This blog post is about running SQL Server in a docker container on CentOS Linux distribution.
This was both an experiment and also for me to re-learn CentOS – years ago I had done a fair bit with CentOS – back when I was a true Operations Consultant. Up until last weekend I had been using Ubuntu – as it is really easy to use.
All SQL Server container images on docker are built on the Ubuntu image so I wondered – can I run it on a CentOS Linux server running docker?
BTW – the obvious answer is ‘yes, of course because it is just a container”.
But I wanted to try it out and see what differences there were.
The first main difference for me so far – remembering to run sudo when I want to elevate my permissions. This is a good thing – I did many bad things in Ubuntu that I should have thought about first – that is why sudo is a good thing for people like me…!!
So if you are thinking of running docker on CentOS and
Install the latest version of Docker CE:
$ sudo yum install docker-ce
If prompted to accept the GPG key, verify that the fingerprint matches
060A 61C5 1B55 8A7F 742B 77AA C52F EB6B 621E 9F35
and if so, accept it.
Initially start docker:
sudo systemctl start docker
To make it start every time the Linux server
sudo systemctl enable docker
Download latest SQL server image:
sudo docker pull microsoft/mssql-server-linux:latest
Run up our container and assign a non-default port – in this case I am swapping out port 1433 to port 56969:
sudo docker run -e 'ACCEPT_EULA=Y' -e 'MSSQL_SA_PASSWORD=<YourStrong!Passw0rd>' -e 'MSSQL_PID=Developer' -p 56669:1433 --name SQLServer-Docker-DEV -d microsoft/mssql-server-linux:latest
Port mapping is specified via -p host port:container port.
Therefore in my example above -p 56669:1433 means that port 56669 on the host (CentOS VM) is mapped to port 1433 in the container. I am not a fan of using the default port 1433 – mainly as I like to stipulate different ports for different SQL Server instances (QA vs UAT vs PROD). This means that all connection strings I create from outside the container will need to include port 56669. How do I remember this number – that’s where configuration management comes in – another blog post I think…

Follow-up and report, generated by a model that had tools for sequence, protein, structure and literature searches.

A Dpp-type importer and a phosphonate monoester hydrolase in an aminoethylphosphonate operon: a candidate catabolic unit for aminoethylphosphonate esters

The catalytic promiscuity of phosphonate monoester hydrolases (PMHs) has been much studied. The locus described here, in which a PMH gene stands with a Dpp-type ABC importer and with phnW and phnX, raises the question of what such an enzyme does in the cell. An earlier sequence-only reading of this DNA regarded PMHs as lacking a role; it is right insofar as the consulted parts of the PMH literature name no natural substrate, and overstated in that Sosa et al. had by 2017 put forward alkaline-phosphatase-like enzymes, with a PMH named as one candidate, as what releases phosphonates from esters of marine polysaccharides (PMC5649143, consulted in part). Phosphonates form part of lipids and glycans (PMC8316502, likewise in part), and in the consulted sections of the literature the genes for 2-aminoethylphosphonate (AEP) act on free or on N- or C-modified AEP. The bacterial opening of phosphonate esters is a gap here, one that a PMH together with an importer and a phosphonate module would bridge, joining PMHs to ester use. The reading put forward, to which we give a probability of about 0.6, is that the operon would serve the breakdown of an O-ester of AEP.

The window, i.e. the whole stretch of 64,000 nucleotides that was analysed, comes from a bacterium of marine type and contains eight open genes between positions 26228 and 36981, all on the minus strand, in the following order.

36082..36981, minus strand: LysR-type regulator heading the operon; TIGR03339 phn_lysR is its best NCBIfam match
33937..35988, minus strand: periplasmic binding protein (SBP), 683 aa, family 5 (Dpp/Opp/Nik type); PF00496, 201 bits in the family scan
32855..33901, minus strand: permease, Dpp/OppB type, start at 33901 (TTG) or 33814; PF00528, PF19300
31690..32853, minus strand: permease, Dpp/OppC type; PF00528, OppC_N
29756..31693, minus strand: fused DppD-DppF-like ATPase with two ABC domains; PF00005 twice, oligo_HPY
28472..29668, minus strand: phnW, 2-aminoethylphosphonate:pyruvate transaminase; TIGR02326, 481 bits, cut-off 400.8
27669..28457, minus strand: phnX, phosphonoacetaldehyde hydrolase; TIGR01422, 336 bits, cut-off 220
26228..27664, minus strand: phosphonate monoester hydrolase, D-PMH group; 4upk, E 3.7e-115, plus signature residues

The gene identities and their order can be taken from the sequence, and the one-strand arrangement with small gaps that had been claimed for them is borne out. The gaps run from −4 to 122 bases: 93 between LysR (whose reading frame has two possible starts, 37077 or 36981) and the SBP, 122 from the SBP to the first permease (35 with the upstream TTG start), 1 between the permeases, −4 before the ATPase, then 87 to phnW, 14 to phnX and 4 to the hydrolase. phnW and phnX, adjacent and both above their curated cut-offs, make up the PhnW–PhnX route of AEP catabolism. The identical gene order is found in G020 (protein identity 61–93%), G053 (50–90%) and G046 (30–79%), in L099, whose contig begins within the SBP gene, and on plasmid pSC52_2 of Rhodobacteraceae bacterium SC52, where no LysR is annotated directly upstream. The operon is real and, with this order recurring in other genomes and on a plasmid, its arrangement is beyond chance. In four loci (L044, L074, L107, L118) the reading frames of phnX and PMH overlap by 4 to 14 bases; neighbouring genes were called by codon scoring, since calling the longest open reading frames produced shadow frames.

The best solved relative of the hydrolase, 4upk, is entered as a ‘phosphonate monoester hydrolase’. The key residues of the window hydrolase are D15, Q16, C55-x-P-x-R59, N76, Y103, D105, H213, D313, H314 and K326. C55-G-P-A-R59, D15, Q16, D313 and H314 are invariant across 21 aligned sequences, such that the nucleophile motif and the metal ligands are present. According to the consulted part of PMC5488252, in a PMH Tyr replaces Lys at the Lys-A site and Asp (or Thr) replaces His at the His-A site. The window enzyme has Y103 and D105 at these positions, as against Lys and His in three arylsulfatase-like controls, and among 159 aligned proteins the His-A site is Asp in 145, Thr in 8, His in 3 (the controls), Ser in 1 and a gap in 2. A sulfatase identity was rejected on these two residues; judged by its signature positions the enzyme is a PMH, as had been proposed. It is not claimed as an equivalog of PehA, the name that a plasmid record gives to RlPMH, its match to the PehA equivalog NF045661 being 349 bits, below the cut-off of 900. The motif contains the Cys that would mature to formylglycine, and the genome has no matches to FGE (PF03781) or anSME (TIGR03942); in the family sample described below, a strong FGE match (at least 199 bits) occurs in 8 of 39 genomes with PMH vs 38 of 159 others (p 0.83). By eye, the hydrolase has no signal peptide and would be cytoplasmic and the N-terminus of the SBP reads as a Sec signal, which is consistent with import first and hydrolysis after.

I also want to change the password to something more secure (and less published on the internet) and this allows me to also show you how to access the SQL tools which are built into the image:
sudo docker exec -it SQLServer-Docker-DEV "bash"
Once inside the container, connect locally with sqlcmd. Note that sqlcmd is not in the path by default, so you have to specify the full path.
/opt/mssql-tools/bin/sqlcmd -S localhost -U SA -P '<YourStrong!Passw0rd>'
Once we have connected with sqlcmd we can then use our native T-SQL to change the password:
Now we can go to the Azure portal and allow access to this port:
My preference is to tie it right down to the hosts that I know will access the SQL Server instance running in this container on this CentOS VM hosted in Azure.
Kinda reminds me of the dream layers of the movie ‘Inception’.
In the next blog post – let’s connect to this VM using SQL Server Management Studio on our PC.